• Map 1 Vinson Massif
• Map 2 Minnesota Glacier
• Map 3 Schanz Glacier
• Map 4 Union Glacier 100k
• Map 4a Union Glacier 35k
• Map 5 Meyer Hills
• Map 6 Patriot Hills

Read more about the maps here.

First-ever landing at Patriot Hills

Twenty-five years ago Adventure Network International (ANI) made history with the first-ever landing of a conventional wheeled aircraft in Antarctica. On November 21, 1987, Captain Jim Smith landed a Douglas DC-4 on a blue-ice runway at Patriot Hills in the Ellsworth Mountains, reported ANI in their blog. "This ground-breaking achievement changed the face of aviation in Antarctica, and paved the way for direct flights from Punta Arenas in Chile without the need for refueling stops along the way."

Read more about the flight that changed Antarctic Aviation here and see also photos of that time.

Australian Science Expedition at Patriot Hills

Prof. Chris Turney and Dr. Chris Fogwill from the University of New South Whales will be returning to the Patriot Hills after their last two seasons in Antarctica from November 23rd to December 17th (weather permitting).

Turney explains on his website, "Instead of coring for past climate, we'll be working across the blue ice surface (and against the elements!) to collect precious surface samples. The idea is this will produce the first detailed climate reconstruction for the region over the last twenty thousand years. By extending ‘historical’ records of the last few decades, we hope we’ll gain a better understanding of how Antarctic ice sheets respond to past and future change. At least that’s the plan..."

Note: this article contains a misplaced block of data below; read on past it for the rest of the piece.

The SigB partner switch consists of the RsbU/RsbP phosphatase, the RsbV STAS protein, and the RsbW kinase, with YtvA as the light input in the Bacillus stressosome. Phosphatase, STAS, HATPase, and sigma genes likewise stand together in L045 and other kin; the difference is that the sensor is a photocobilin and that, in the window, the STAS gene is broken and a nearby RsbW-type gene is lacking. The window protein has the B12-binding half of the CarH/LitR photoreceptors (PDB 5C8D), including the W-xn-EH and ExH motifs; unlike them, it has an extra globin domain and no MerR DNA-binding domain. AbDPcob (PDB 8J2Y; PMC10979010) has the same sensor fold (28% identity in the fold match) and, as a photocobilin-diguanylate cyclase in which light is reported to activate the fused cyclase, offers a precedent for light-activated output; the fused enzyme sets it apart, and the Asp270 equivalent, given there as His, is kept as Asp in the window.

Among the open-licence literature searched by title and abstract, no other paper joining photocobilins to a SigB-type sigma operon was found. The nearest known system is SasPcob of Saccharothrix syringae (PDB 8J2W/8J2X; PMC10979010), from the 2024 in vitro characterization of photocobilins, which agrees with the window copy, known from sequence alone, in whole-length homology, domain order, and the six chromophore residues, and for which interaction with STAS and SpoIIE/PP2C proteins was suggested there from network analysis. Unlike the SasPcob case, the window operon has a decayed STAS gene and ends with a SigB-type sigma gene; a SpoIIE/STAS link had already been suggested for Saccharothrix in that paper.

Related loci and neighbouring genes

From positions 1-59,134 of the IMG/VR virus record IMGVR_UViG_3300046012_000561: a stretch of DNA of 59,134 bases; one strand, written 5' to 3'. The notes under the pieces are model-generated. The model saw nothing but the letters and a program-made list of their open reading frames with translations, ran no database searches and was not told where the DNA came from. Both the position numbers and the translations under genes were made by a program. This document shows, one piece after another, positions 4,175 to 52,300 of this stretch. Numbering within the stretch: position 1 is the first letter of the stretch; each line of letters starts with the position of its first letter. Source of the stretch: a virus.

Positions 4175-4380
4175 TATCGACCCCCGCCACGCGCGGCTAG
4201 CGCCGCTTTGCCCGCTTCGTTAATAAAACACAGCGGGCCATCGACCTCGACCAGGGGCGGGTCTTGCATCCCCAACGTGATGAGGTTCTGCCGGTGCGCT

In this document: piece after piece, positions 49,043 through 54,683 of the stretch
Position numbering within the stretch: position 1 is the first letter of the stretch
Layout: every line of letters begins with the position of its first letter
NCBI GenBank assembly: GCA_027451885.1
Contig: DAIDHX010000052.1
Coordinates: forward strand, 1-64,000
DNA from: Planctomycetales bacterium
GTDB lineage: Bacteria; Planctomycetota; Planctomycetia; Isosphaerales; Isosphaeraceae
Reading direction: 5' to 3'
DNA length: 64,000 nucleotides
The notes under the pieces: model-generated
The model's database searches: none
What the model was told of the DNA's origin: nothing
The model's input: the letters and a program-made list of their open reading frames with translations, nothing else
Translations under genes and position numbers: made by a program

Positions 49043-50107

Turney also announced a 2013-14 science expedition: "Taking a team of 30 women and men south, the new Australasian Antarctic Expedition will set out for two remote parts of Antarctica – Heard Island and Enderby Land – both of which have seen relatively little exploration over the past hundred years and for which we have few scientific measurements."

The Hercules Inlet route starts at 80°S and covers a distance of 1130 km to the Geographic South Pole at 90°S.
The start point at the Ronne-Filchner Ice Shelf (Messner route) covers a distance of 890 km to the Geographic South Pole at 90°S.

Gateway port Cape Town, South Africa:
To ALCI base camp Novolazarevskaya / Novo
(70° 46’37”S, 011° 49’26”E).
Gateway port Punta Arenas, Chile, South America:
To ALE/ANI base camp, Union Glacier
(79° 45'S, 083° 14'W).
Gateway port Christchurch, New Zealand:
To USA science station McMurdo, and other
(77°50'39"S, 166°40'22"E)


Expeditions with RSS feeds can be followed in the live Dispatch stream at the Pythom App for iPhone and on Android as well as at ExplorersWeb.

ExplorersWeb South Pole Expedition List

AdventureStats Polar Statistics

South Pole speed record special: Polar Express - leaving from where, exactly?

AdventureStats Special: What is Solo?

Polar Rules of Adventure

NOAA South Pole Live Camera

ALE ANI ALCI